Projected Impacts of Electrification of the Transportation Sector
Plug-in hybrid electric vehicles (PHEV) offer a low-carbon alternative to gasoline and diesel powered vehicles. DOE-funded MIT scientists expanded their Emissions Prediction and Policy Analysis (EPPA) model to include a detailed representation of PHEVs that also run on conventional fuels. This new modeling capability was used to investigate the effect of relative vehicle cost and all-electric range on the timing of PHEV market entry as well as competition from possible advanced cellulosic biofuels and will be reported soon in Transportation Research. Under the scenario in which annual U.S. CO2 emissions are reduced significantly over the next century, vehicle cost, in particular battery costs, could be a significant barrier to PHEV entry. With no climate policy and with a 30% increase in vehicle price compared to conventional automobiles, PHEVs are only marginally competitive by mid-century even without competition from biofuels. However, under a 450 ppm CO2 policy scenario, PHEVs are projected to grow to represent about half of the U.S. fleet by 2050. With competition from biofuels and at the 30% price premium for PHEV, penetration and net electrification of the transportation sector is greatly reduced. If the cost premium is as low as 15% for PHEVs, they will penetrate to a significant fleet share even without stringent emissions constraints and in the face of competition from biofuels.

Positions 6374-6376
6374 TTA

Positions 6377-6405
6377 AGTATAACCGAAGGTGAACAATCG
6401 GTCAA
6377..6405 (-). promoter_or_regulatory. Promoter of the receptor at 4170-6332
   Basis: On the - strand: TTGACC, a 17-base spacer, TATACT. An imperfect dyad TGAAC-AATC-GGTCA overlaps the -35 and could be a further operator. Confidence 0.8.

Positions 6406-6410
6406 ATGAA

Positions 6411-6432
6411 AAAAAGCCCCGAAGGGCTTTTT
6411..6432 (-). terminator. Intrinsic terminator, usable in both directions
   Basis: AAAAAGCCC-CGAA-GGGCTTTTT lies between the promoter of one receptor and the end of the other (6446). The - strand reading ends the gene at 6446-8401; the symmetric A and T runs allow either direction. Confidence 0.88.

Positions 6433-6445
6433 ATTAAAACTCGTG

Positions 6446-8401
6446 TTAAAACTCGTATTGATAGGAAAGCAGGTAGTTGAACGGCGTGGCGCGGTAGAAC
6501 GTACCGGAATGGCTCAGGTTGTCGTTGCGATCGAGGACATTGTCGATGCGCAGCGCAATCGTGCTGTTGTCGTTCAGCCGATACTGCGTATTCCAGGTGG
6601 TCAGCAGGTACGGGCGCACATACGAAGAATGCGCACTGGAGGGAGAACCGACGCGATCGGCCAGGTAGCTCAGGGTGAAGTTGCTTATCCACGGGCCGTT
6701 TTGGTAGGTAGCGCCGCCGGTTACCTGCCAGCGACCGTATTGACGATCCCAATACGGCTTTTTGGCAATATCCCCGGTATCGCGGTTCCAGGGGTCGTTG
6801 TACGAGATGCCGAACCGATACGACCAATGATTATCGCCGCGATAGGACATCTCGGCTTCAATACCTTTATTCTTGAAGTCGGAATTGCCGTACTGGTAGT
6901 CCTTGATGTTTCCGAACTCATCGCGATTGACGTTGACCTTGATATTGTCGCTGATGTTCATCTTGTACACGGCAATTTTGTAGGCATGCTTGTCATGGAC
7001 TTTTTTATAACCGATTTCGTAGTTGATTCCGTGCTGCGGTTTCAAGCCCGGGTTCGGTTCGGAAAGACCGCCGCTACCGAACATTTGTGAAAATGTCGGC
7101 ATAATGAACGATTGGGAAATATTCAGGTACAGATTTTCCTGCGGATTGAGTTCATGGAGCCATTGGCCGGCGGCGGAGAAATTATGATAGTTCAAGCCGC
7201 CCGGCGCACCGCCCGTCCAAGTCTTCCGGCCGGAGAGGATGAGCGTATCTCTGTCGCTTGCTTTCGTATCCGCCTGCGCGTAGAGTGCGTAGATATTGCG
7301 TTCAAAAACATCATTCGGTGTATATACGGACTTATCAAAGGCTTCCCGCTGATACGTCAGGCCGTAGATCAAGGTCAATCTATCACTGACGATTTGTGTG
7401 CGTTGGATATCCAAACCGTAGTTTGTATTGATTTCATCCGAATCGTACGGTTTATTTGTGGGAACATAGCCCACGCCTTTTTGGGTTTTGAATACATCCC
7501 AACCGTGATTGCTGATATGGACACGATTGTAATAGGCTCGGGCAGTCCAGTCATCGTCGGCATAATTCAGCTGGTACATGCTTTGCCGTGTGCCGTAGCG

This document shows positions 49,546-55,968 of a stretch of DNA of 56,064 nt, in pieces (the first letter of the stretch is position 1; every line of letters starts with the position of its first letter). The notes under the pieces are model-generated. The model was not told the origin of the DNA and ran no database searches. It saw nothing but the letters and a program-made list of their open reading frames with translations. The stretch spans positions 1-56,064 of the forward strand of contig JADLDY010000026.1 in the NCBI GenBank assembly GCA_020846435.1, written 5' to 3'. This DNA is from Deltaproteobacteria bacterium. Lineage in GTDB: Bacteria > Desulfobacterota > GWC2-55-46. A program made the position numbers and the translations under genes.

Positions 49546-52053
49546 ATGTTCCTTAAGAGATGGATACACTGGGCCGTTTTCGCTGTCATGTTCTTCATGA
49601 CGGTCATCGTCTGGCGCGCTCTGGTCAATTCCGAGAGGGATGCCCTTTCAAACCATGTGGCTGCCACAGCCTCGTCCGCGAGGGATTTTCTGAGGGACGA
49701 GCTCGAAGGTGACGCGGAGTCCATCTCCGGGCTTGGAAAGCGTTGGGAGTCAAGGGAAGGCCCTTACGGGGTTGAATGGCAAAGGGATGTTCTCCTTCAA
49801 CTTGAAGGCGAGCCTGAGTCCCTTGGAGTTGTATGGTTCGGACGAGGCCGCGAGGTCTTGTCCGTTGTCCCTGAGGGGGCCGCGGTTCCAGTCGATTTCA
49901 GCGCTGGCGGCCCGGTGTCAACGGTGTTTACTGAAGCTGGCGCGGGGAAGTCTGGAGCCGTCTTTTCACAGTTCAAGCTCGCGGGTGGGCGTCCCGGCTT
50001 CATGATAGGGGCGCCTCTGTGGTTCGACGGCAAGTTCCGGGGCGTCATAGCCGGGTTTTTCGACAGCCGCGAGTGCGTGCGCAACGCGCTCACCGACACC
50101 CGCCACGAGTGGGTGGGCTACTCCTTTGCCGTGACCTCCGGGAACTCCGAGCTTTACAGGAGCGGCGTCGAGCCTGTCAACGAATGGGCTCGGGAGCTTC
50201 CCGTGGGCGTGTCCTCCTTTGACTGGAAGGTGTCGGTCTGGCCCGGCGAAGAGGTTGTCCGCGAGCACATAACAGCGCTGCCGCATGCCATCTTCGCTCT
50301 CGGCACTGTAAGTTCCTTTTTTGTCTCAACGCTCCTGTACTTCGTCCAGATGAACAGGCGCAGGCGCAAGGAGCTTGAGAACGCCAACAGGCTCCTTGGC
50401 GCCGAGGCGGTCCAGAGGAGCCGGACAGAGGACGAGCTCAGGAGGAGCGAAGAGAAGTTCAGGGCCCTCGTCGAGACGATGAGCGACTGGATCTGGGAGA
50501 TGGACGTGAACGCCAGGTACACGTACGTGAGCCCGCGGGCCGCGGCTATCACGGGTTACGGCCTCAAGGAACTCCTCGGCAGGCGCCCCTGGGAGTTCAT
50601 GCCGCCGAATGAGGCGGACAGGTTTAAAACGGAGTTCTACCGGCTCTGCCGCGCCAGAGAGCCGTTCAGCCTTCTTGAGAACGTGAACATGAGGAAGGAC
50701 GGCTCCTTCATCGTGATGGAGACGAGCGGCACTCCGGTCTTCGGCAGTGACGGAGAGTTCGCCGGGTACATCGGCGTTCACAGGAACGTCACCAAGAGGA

Karplus, V., S. Paltsev, and J. Reilly. 2010. “Prospects for Plug-In Hybrid Electric Vehicles in the United States and Japan: A General Equilibrium Analysis,” Transportation Research, Part A: Policy and Practice 44(8), 620–641. DOI:http://dx.doi.org/10.1016/j.tra.2010.04.004.